Paying for College: A Syllabus

CUs can school collegians on the smart use of student loan debt.

September 15, 2015

It’s back-to-school time again. I had a recollection of sitting in college on the first day, and being handed a long, intimidating document known as a syllabus, “an outline or a summary of the main points of a text, lecture, or course of study.”

Such agendas assist students in not only understanding rigors of the course and meeting deadlines, but also in formulating success-finding strategies.

Another rigorous agenda that college students should consider is how to pay for college. There are many factors and considerations for students in not only repaying college debt but in determining how much to accept in the first place.

This week, examine ways students seek funding, criteria and considerations in obtaining loans, and repayment trends, challenges, and strategies.

Can tomorrow’s students learn from the experiences of today’s borrowers? Where is your credit union on the college funding syllabus?

‘In school you’re taught a lesson and then given a test. In life, you’re given a test that teaches you a lesson.’ --Tom Bodett, American author and actor

First, an exploration of possible college funding sources and variables that affect students, their families, and lenders.

When It Comes to Student Loans, There’s No Simple Nudge,” says Brookings. Conversation surrounding large student loan debt is prevalent, but what’s missing in the discussion “is the question of how we can help students make informed borrowing decisions in the first place.”

When students make good decisions upfront and borrow according to their personal circumstances, fewer issues regarding repayment and debt management will arise.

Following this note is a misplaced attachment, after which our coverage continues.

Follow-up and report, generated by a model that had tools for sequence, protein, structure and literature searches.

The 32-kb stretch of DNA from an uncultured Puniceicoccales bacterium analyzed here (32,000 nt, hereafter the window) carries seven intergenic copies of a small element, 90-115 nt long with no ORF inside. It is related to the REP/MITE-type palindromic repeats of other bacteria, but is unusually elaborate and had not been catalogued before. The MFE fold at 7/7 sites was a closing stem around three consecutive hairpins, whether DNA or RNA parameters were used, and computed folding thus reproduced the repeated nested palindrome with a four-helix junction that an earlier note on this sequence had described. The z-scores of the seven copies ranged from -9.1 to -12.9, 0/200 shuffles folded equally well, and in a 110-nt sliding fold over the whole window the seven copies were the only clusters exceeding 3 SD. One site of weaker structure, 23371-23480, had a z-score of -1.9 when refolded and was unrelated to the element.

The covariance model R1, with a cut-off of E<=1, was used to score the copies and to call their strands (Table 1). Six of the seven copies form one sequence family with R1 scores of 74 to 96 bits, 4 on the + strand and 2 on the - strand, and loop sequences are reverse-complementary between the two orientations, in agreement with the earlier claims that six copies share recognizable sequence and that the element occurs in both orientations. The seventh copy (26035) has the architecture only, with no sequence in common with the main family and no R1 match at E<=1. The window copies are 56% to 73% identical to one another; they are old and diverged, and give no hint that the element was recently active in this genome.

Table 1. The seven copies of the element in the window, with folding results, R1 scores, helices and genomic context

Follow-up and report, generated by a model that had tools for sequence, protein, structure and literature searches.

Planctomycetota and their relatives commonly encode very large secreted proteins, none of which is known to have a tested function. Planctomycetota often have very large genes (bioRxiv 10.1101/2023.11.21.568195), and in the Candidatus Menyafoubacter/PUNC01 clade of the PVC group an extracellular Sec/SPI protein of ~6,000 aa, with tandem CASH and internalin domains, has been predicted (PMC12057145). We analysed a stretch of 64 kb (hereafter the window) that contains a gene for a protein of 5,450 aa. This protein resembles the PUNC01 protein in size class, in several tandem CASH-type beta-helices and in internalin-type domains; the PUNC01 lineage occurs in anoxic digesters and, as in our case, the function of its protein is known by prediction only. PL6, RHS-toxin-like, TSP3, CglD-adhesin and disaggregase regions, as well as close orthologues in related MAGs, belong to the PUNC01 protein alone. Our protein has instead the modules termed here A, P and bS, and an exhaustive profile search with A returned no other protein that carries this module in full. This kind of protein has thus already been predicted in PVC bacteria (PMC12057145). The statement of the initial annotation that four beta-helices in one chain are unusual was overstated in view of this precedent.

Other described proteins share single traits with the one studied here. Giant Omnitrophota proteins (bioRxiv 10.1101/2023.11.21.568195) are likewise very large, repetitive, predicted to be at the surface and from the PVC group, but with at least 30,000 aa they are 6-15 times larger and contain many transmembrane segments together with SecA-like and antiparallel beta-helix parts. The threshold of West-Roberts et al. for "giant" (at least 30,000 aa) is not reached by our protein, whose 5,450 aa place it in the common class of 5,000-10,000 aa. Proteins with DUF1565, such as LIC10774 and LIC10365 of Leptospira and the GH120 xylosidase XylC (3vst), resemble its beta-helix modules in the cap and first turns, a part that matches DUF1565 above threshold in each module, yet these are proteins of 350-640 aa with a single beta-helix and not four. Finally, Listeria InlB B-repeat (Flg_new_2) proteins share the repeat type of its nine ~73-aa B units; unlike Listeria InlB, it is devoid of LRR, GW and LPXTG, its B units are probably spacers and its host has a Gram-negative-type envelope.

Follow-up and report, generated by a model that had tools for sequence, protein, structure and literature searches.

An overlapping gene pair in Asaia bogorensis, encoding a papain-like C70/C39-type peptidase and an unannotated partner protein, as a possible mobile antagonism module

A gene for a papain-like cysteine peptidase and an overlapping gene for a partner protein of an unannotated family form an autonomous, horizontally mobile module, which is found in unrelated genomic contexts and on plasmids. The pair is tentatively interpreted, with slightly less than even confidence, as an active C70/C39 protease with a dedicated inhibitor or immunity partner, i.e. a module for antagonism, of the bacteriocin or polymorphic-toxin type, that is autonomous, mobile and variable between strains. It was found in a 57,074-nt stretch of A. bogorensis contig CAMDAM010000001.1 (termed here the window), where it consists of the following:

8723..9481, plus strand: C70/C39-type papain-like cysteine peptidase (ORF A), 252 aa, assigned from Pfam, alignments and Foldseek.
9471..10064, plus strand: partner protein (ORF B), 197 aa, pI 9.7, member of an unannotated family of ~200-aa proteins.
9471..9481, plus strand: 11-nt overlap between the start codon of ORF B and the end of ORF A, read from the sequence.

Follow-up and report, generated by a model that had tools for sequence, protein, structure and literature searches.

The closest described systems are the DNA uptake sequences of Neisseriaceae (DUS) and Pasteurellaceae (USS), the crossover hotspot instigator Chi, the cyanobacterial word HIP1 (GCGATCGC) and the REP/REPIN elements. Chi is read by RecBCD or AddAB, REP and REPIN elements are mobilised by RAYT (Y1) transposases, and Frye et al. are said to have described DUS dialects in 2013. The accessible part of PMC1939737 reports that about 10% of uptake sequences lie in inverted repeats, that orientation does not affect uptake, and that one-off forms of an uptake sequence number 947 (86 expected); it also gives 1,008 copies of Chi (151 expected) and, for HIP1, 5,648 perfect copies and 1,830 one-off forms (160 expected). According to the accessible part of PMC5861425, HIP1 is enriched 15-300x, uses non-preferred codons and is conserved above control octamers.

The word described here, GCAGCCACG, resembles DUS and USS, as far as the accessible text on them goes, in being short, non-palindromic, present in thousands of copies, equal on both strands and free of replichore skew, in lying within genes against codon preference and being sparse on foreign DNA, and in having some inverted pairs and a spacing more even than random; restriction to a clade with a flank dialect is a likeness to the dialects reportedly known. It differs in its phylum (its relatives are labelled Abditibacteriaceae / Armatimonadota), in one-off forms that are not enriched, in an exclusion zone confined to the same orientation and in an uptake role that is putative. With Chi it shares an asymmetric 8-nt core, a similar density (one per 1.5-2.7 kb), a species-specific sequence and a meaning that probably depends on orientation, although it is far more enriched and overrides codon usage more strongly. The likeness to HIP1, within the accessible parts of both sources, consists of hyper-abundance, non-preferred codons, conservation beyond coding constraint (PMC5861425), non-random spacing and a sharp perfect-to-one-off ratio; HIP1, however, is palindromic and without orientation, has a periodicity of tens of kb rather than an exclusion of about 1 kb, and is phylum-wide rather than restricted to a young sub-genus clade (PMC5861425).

The complicated decision about how much to borrow should include consideration of likelihood to graduate, earnings to expect in a chosen field, and other examination of cost/benefit analysis in taking a loan.

Many students tend to borrow the full amount they are offered even if they don’t need it all.  Other times, student who might find loans advantageous do not even apply.

To help inform students, Brookings suggests:

• Colleges can encourage students to investigate necessity of federal loans rather than relying on some existing strategy to pre-package loans that may not be ideal for the individual.

• Educational messaging during the Free Application for Federal Student Aid process to discuss varying monthly payment possibilities and importance of major in determining loan amounts. High schools and civic organizations can also help educate.

• Loan counseling can be provided by impartial entities using interactive technologies and “delivered at a large scale.”

Students should also consider their own assets as a determining factor in loan amounts, says U.S. News & World Report“Student-owned assets… reduce aid eligibility more than parent-owned assets do, while some assets aren’t counted in the financial aid formula at all.”

Four funding sources are examined:

  1. College savings accounts. 529 plans come with tax advantages.
  2. Uniform Transfers to Minors Act accounts.  Student assets lessen aid eligibility by 20% of value.
  3. Retirement accounts.
  4. Income. “Assets are much less a factor in the whole formula than income is.”

College students are getting creative and implement social media in seeking funds. notes a growing trend to crowdfunding by students who ask for financial help.

Crowdfunding site GoFundMe categorizes educational funding. In 2014, 140,000 of these accounts were opened totaling $17.5 million—an increase of 280% from the year before.